C. Ronald Kahn, M.D.,
C. Ronald Kahn, M.D.

Ronald Kahn, M.D., Mary K. Iacocca Professor of Medicine at the Harvard Medical School, will present the 2016-2017 Harry E. Bovay, Jr. Annual Lecture on “Regulation of Adipose Tissue Turnover and New Mechanisms of Communication with Other Tissues.”

The lecture will be held at 11 a.m. Dec. 2, in SRB 104 (Beth Robertson Auditorium at IMM).

Kahn is the chief academic officer at Joslin Diabetes Center and a member of the National Academy of Sciences since 1999. He is recognized for his work in insulin signal transduction and mechanisms of altered signaling in diabetes. The main discoveries to come from his lab include the insulin receptor kinase, its two primary substrates, and the molecular components of the insulin signaling network. Kahn’s lab was also the first to define alterations in the signaling network in insulin resistant states, such as type 2 diabetes. More recent discoveries from his lab encompass defining alterations in the signaling network in type 2 diabetes, including the important role of insulin action in unexpected tissues such as brain, both in physiologic regulation and potentially in development of Alzheimer’s disease. His lab at Joslin also has made contributions to the understanding of obesity by showing that fat cells, called adipocytes, have different developmental origins and cellular functions that lead to risk of metabolic disease. Kahn’s work with adult humans has demonstrated that they have active brown fat that is central to redefining its role in metabolic regulation and protection from obesity.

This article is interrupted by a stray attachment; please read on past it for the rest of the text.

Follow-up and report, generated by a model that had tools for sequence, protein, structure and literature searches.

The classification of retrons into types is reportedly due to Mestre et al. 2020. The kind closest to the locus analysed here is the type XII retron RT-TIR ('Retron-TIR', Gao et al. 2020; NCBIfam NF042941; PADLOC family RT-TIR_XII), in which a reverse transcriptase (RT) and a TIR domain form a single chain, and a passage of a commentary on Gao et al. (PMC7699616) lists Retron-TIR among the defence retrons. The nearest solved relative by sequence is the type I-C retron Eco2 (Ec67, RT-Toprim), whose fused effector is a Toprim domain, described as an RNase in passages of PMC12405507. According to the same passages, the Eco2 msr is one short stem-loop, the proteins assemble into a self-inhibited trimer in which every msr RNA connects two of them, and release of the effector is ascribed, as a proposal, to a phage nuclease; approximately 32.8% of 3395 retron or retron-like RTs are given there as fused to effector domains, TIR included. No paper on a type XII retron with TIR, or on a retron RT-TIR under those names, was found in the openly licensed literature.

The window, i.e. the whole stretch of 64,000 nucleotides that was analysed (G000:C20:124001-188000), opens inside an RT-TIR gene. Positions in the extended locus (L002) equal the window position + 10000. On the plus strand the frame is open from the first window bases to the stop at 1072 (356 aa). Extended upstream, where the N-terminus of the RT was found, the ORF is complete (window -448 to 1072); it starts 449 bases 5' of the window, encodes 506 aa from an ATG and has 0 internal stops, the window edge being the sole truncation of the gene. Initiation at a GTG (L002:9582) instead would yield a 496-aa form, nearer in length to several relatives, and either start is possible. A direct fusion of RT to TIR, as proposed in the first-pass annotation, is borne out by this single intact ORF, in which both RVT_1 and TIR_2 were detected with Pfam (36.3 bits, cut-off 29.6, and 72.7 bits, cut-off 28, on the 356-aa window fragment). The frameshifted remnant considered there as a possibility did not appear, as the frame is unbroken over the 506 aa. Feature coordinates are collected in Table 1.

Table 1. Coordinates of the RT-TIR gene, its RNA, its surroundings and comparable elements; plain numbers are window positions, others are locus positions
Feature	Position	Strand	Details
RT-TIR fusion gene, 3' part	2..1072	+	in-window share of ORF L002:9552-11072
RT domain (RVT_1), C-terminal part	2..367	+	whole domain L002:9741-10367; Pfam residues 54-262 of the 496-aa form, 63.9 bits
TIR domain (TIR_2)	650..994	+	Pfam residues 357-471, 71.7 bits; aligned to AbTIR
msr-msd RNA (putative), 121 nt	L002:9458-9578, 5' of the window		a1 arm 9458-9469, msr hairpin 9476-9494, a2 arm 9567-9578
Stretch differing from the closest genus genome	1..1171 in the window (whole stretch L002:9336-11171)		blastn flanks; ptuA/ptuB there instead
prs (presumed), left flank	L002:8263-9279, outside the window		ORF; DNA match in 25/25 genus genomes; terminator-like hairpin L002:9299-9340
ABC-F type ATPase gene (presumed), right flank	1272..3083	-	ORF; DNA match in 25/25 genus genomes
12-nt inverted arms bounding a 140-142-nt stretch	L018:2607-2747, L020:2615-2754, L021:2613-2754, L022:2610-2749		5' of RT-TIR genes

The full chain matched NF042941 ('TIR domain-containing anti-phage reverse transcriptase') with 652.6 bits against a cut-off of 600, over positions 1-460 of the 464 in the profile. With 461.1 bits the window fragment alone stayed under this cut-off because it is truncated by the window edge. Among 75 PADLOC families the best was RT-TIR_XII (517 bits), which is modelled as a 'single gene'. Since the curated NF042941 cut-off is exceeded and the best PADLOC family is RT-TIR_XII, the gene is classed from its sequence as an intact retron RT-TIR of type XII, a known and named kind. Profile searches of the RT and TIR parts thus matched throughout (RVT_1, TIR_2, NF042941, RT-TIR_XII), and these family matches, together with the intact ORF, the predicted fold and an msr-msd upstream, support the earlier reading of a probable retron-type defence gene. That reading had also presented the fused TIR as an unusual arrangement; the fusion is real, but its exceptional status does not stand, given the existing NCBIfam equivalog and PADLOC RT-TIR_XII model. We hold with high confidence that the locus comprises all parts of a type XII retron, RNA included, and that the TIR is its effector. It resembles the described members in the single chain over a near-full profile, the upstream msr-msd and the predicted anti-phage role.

This lecture series honors the life and work of Harry E. Bovay, Jr., 1914-2011, a distinguished visionary, entrepreneur, civic leader, and philanthropist, who made a significant contribution to the Brown Foundation of Institute of Molecular Medicine for the Prevention of Human Diseases (IMM) to help bridge the gap between the laboratory bench and the patient bedside, between identifying the molecular causes of diseases and actually preventing them.